The number of jobs added by the US economy in August was very disappointing, with only 235,000 positions vs. expectations of 720,000.
The figure was well down on the 1.05 million jobs created in July, adding to fears that the recovery from the pandemic may be running out of steam.
Despite the disappointing hiring levels, the unemployment rate fell to 5.2% in August from 5.4% in July.
Economists say rising infections caused by the Delta variant have hit spending on travel, tourism and hospitality.
They also note that the Labor Department’s data was collected in the second week of August, so does not reflect the impact of hurricanes Ida and Henri in the second half of the month.
President Joe Biden said he was disappointed but defended his record on the economy, saying it was growing consistently.
“Total job creation in the first seven months of my administration is nearly double, double any prior first-year president,” he said.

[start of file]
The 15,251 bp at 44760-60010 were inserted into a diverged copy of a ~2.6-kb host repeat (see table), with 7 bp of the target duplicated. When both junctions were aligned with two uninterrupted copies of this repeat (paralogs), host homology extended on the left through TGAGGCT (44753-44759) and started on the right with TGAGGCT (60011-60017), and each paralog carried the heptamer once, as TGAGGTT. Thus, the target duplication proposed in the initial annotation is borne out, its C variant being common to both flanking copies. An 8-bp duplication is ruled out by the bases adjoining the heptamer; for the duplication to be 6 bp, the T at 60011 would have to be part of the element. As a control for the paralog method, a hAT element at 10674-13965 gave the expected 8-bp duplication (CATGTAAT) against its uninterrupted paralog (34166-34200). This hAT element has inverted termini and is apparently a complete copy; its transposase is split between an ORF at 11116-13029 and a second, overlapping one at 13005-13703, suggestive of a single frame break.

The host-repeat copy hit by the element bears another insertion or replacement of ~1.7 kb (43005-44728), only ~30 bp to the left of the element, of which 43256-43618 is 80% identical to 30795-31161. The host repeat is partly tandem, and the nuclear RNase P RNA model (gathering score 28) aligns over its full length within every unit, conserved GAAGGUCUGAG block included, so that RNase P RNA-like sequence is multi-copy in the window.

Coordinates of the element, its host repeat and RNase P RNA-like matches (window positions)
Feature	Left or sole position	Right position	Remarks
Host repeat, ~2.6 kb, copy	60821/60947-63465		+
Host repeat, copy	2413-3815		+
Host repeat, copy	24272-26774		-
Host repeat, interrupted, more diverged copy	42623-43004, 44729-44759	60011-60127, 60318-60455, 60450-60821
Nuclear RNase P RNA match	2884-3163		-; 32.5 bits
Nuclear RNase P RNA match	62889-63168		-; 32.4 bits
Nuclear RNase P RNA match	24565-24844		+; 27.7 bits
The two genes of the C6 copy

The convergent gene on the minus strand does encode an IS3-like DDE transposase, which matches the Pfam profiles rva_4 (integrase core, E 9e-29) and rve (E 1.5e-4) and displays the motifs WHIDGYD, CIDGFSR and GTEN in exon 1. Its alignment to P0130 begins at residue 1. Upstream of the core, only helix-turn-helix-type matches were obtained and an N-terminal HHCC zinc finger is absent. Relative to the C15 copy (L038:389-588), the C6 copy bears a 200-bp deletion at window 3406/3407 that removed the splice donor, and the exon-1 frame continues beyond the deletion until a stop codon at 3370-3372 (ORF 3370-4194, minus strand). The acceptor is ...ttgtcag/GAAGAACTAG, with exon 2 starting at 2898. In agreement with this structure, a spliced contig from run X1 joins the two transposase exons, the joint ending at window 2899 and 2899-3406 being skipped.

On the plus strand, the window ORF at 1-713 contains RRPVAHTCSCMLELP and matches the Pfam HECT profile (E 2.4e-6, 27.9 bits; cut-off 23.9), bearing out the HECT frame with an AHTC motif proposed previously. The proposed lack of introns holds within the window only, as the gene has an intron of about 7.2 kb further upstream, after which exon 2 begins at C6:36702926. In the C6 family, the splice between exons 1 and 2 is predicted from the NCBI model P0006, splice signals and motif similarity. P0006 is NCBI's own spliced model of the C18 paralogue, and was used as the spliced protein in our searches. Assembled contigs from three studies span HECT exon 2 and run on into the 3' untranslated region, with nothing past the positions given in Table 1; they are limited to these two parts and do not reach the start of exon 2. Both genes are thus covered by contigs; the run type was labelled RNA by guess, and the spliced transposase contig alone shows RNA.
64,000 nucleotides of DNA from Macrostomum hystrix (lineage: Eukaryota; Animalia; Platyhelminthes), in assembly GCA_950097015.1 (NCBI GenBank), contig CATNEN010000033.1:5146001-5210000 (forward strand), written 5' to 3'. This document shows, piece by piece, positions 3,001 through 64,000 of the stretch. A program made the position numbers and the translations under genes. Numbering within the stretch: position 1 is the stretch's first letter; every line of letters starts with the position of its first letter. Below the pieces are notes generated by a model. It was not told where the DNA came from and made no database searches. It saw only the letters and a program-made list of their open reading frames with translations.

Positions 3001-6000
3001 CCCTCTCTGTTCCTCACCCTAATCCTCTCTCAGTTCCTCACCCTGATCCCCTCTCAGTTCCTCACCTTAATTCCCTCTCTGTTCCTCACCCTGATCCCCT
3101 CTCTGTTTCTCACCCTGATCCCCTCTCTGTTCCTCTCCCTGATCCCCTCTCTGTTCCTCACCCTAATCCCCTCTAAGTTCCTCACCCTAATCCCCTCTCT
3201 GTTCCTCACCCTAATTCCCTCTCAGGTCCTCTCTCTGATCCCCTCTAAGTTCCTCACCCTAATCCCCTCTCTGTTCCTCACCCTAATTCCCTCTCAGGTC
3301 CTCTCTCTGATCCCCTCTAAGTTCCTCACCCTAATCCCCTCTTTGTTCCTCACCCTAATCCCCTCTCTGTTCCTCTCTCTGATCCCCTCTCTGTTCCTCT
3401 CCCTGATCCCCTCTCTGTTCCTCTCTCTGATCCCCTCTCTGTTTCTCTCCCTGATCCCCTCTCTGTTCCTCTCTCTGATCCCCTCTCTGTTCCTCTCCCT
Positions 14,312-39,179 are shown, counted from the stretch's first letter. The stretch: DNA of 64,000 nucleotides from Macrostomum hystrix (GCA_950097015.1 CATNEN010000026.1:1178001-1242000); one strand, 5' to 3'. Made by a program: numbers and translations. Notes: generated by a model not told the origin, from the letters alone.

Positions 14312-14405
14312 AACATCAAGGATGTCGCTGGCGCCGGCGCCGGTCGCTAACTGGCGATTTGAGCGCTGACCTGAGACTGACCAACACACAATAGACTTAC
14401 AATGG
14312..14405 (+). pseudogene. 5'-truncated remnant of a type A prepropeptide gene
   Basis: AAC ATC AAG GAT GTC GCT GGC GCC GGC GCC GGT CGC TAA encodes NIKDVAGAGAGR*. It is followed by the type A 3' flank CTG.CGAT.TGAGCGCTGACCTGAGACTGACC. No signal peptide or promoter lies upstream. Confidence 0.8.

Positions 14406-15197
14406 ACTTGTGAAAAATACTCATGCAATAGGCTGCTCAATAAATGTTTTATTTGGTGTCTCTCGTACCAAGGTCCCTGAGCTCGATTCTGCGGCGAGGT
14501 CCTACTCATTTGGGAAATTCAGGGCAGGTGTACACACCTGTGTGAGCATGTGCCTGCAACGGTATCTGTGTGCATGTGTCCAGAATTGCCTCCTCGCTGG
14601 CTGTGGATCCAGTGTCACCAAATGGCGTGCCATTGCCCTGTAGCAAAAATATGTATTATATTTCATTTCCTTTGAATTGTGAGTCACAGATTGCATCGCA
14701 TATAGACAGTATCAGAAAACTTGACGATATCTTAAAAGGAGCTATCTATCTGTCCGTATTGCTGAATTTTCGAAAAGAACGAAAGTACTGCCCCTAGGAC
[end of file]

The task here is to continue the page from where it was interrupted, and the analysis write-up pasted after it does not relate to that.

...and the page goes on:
“While I know some wanted to see a larger number today, and so did I, what we’ve seen this year is a continued growth, month after month in job creation.”
According to the US Bureau of Labor Statistics, there were notable job gains in August in professional and business services, transportation and warehousing, private education and manufacturing.
However, employment declined in retail and was flat in leisure and hospitality, after increasing by an average of 350,000 per month over the previous six months.
While the number of people unemployed edged down to 8.4 million, it remains well above the pre-pandemic level of 5.7 million seen in February 2020.
Average earnings also jumped in August, suggesting that employers are trying to lure workers back amid labor shortages in some industries.
The US economy contracted sharply in 2020 during lockdown but has rebounded strongly in 2021.
House prices are rising and corporate results remain strong. However, like most economies, the US is facing supply chain issues that have dragged on manufacturing growth.
Inflation has also jumped as the economy reopens, although the Federal Reserve believes the rise will be transitory.